The pandemic has driven countless changes in consumer behaviour, forcing many organisations to evolve rapidly in order to remain relevant and competitive. When determining how best to evolve, organisations have invariably turned to their data.
Over the last year, it has become apparent that models and analysis based on vast amounts of historical data are no longer relevant, and much of the data is now obsolete, causing many ML and AI models designed for pre-pandemic conditions to fail. This has triggered a shift to analytics that require significantly less data and are therefore more robust when confronted with volatility and uncertainty. As organisations continually refine and adapt their business strategy, there has also been an acceleration in the adoption of agile development.
Information and cyber security have dominated headlines in recent months, compelling organisations to re-evaluate how their data is stored and processed. Many have elected a hybrid approach, whereby some, typically less sensitive, information is held on one of the three main cloud providers, and personal and/or sensitive data is kept on-premises. Increasingly, cloud providers are catering for this, offering solutions that combine the convenience and extensive features of public cloud whilst enabling companies to retain custody of their data.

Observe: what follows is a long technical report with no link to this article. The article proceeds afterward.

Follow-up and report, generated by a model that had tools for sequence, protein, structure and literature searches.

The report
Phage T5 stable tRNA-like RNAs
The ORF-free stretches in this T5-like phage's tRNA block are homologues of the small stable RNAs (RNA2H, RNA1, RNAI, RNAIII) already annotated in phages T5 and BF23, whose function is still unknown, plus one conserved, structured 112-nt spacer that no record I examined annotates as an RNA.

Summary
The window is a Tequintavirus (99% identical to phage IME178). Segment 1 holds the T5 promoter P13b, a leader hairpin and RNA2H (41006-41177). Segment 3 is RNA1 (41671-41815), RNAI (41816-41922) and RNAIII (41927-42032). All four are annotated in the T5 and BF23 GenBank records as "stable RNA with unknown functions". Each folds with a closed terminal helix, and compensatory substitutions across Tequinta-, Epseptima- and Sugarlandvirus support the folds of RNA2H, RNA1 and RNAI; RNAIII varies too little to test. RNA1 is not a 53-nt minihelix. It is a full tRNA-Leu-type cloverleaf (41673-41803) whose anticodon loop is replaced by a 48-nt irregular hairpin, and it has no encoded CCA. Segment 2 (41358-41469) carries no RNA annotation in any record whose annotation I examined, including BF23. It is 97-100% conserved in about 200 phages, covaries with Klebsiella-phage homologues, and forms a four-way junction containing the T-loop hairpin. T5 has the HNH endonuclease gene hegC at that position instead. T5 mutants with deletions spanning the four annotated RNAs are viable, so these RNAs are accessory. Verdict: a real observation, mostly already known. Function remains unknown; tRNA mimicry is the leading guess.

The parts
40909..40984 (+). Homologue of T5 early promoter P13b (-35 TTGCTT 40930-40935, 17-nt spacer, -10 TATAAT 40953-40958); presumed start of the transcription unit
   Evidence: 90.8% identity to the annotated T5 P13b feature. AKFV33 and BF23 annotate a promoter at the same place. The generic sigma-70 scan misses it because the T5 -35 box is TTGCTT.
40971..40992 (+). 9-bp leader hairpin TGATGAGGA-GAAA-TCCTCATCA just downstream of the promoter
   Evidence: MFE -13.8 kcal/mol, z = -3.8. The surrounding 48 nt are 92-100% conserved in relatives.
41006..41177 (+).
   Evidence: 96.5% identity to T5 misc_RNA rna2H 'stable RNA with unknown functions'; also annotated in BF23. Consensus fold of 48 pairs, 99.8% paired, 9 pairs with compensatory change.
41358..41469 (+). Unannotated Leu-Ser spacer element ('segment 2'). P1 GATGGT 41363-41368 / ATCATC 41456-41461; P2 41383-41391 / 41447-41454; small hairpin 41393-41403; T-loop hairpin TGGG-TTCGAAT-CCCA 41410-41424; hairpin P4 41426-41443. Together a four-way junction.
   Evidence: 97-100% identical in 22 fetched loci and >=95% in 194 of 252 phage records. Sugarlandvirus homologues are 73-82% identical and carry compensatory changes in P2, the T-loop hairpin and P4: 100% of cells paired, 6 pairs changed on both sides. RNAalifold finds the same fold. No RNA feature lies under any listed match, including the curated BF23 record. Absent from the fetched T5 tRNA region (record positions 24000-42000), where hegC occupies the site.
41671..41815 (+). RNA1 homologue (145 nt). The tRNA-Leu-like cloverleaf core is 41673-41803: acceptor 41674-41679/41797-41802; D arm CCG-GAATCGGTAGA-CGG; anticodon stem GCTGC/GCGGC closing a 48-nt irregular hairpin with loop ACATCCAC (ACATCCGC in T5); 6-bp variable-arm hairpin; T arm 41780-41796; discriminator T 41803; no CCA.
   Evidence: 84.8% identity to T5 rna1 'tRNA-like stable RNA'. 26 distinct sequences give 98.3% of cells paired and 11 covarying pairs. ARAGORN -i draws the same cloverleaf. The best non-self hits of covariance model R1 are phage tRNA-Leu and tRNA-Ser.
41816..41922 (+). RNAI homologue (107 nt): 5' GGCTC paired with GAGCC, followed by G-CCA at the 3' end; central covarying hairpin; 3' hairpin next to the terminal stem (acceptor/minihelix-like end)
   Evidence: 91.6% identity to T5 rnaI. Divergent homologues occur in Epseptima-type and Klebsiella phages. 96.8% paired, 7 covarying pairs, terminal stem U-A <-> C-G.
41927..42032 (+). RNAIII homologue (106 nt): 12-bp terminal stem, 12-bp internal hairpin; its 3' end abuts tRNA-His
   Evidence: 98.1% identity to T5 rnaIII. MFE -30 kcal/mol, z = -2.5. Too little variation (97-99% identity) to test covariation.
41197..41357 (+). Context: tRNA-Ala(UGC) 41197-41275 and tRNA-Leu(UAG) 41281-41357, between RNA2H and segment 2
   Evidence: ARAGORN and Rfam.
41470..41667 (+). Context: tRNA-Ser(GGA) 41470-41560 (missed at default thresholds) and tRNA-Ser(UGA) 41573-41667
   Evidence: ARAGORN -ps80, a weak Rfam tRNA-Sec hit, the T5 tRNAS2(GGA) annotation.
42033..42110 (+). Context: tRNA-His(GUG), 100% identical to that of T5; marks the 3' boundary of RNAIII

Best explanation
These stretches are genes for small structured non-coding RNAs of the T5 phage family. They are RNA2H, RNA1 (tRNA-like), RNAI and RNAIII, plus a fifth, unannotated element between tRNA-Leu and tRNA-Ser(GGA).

Security concerns have also put a spotlight on edge computing, as eliminating the need to share data with a third party adds an extra layer of privacy. In recent years, edge computing has seen steady adoption in fields like predictive maintenance and the monitoring of remote assets, but this has significantly accelerated in 2021 as companies strive to perfect autonomous driving and other industries start to recognise the potential benefits.